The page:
Introverts and social media are not exactly two things that you would expect to see together, would you? By nature, introverts and social media seem like complete opposites; I would know. Why? Well, because I’m an introvert.
When I say, “I’m an introvert,” I mean that I could go days without seeing anyone (except for my family) and, for the most part, be content. I have a close circle of friends and that’s the way I like it. So why would somebody like me, who’s an introvert, work in a job that requires me to be social? I mean, part of my job is to oversee the “social” media for our church. It’s kind of ironic, isn’t it?
Actually the more I’ve thought about it, the more I’ve come to realize that social media and introverts are a pretty good match. In fact, I think a lot introverts would love social media if they understood that they can play by their own rules and use social media to fit their personality, not the other way around.
23 Tools and Resources to Create Images for Social Media
As I wrote earlier this week, images are becoming more important than text. Here’s a great list tools to help you create images for your church.
The online world never stays the same. It’s a constantly evolving space that requires a continuous rethinking of priorities and strategies. What your church planned to do on the web three years ago probably won’t be relevant in today’s world.
I believe we’re on the cusp of some pretty big changes when it comes to churches and the online world. Some of these changes will be easy and readily accepted, whereas others will be painful and not accepted by everyone. However, I think there are five significant trends that will impact your church now and in the future. Some these trends you can see now, while others may take some time for you to see. Regardless, though, these changes are coming and you need to be ready.
Social media policies aren’t exactly on the top of everyone’s to-do list, but your church needs one. You need a social media policy not only to protect your church, but also to protect your staff. Policies are neither fun nor exciting, but they’re a necessity for your church.
Below you will find a list of social media policy generators, templates, and examples from various churches and associations. Some of these examples cover a wide range of topics and others cover just the basics. Hopefully, this list will give you a starting point to create your own social media policy for your church.
Merry Christmas! I hope you and your church are having a great Christmas season. This week has been crazy for our web team as we begin to work on the next round of revisions on our church website.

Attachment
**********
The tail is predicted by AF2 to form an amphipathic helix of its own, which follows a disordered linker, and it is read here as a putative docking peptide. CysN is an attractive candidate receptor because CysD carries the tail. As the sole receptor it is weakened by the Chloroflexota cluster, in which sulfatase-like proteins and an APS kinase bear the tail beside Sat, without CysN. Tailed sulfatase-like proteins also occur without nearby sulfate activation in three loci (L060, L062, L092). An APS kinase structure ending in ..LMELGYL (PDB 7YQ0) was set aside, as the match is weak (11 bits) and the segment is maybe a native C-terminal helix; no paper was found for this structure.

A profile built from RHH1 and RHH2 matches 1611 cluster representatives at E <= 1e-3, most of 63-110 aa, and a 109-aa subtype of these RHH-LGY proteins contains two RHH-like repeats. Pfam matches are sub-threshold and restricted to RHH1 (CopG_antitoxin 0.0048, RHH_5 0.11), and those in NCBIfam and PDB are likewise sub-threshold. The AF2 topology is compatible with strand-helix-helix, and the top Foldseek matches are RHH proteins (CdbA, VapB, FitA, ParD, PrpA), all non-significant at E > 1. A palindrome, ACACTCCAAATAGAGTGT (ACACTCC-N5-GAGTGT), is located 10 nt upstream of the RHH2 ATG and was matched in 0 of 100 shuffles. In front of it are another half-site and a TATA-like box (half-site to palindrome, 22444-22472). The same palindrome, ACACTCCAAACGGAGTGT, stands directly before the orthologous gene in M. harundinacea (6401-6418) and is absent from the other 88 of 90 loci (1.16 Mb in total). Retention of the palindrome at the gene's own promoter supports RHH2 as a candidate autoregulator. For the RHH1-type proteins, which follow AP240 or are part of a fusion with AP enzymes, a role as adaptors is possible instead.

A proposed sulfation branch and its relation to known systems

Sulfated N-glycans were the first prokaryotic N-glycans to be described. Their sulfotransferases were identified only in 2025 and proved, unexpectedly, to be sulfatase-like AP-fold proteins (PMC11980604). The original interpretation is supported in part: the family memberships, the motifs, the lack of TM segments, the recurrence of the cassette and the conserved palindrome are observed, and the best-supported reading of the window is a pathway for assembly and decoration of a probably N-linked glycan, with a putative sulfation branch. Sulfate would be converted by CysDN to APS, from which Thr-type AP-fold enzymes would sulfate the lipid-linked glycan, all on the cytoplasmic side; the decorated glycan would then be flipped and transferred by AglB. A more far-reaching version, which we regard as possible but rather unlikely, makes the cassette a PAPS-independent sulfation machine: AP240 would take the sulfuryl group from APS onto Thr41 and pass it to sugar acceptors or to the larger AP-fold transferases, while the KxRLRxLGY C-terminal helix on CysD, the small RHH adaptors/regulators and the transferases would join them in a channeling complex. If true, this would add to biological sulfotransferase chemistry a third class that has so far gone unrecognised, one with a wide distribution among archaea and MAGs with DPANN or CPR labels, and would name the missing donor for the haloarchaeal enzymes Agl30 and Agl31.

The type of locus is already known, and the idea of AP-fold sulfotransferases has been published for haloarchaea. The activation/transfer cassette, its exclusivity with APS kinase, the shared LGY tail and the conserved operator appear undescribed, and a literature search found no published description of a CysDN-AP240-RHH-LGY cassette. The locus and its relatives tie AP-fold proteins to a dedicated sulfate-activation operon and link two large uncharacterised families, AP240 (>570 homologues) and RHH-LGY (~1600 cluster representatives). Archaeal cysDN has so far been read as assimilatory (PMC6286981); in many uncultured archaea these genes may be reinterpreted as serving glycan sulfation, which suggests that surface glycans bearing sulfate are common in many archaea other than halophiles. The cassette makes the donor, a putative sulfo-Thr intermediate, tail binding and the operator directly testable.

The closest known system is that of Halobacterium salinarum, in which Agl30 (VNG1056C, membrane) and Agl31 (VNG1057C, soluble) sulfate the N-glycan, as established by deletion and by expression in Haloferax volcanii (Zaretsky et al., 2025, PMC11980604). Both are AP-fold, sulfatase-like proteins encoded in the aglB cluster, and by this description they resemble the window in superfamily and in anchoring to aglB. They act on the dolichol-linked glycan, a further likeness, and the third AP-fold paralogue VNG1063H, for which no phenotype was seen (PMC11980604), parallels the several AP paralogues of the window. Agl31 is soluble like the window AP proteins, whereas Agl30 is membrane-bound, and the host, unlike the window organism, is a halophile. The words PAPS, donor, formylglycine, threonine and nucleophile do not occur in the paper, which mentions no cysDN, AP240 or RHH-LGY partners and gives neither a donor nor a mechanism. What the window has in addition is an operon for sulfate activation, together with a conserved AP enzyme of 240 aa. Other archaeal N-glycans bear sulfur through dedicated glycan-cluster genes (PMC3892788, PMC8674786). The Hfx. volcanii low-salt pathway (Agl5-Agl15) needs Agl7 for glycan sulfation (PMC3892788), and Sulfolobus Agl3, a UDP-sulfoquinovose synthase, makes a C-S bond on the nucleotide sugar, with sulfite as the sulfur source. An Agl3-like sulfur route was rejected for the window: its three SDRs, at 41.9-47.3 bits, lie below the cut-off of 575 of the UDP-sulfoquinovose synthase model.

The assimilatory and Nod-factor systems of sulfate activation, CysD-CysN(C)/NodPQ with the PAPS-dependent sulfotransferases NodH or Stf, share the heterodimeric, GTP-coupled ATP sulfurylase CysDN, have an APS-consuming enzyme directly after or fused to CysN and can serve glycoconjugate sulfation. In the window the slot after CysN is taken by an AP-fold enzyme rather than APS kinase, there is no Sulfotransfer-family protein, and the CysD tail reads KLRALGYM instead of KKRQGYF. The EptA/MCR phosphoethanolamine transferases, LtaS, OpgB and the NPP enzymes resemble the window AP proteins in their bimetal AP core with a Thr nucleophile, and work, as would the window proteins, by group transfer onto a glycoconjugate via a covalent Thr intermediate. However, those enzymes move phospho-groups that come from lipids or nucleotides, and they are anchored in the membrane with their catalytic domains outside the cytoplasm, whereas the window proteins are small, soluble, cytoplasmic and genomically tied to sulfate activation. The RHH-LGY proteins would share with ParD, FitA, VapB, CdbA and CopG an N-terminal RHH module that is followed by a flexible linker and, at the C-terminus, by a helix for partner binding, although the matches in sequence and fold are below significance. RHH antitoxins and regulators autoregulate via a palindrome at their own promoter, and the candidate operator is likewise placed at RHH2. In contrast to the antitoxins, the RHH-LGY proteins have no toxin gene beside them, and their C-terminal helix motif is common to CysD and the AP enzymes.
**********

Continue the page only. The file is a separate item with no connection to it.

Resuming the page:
I hope you and your church staff take some off this month to reflect the meaning for this season and spend some time with your family before the next year starts. I know that 2015 will be big year for us and hopefully for you as will. As you find time to relax this holiday, here are some links that I think you need to check out.
Instagram Surpasses Twitter, Now Has Over 300 Million Active Users
In case you were worried if this whole Instagram thing was going to work out, the verdict is in. Instagram is now bigger than Twitter.
Have you ever had some great content of which you were really proud? Have you ever done everything you could to promote content only to have it fall flat with your audience? Did you send the content out into the community only to hear the sound of crickets?
Nothing is more frustrating to me than releasing great content only to have it get very little attention. When this does happen, I start to question my strategy, my content, and even if I actually hit my target audience. All of these are valid things to question, but they don’t solve my issue.
This year is almost over! Can you believe it? I hope your year will end on high note. Like most of us, I’m reflecting on the craziness of this year, and I am getting ready for the exciting new year of 2015!
When I look back at 2014, I reflect on how I saw social media change and evolve. Yes, it’s true that some things didn’t change. Facebook is still king when it comes to the number of users. Pinterest and Instagram continue to grow at a rapid pace and Snapchat is still a dominant force amongst teens.
However, when I reflect further on 2014, I find that there were some key things that I learned about social media. Some of these lessons were painful, some were embarrassing, and others were encouraging. While my list of lessons below is by no means exhausting, my hope is that you may learn something as well!
4 Instagram Tools for Scheduling Instagram Updates
It was bound to happen and it looks like you can finally schedule your Instagram posts. Check out these four services.
Strategy is great and the starting point for anyone using social media, but at some point you need to have the right social media tools to get the job done. Now, not any tool will do. You need to find the tools to get the job done without killing your budget or wasting your time.
In last few years, I’ve used a lot of different tools. Some were decent; some were pretty creepy (Twitter autofollow tools, etc… ) and some were amazing. Of course you could google “social media tools”, but you can only imagine what results that will bring. So to help you avoid search overload, I want to introduce you to what’s in our toolbox that we use to keep our church’s social media flowing on a day to day basis.
For the last nine months my focus has been on one major project: rebuilding our church website. It wasn’t an easy task, because technically we weren’t rebuilding just one website, we were building five campus websites and each campus was slightly different.
Not only did we have to build five websites, we had move our church website off of a propriety content system which meant moving each piece of content by hand. We also had to overhaul our menu structure and design a mobile experience as well.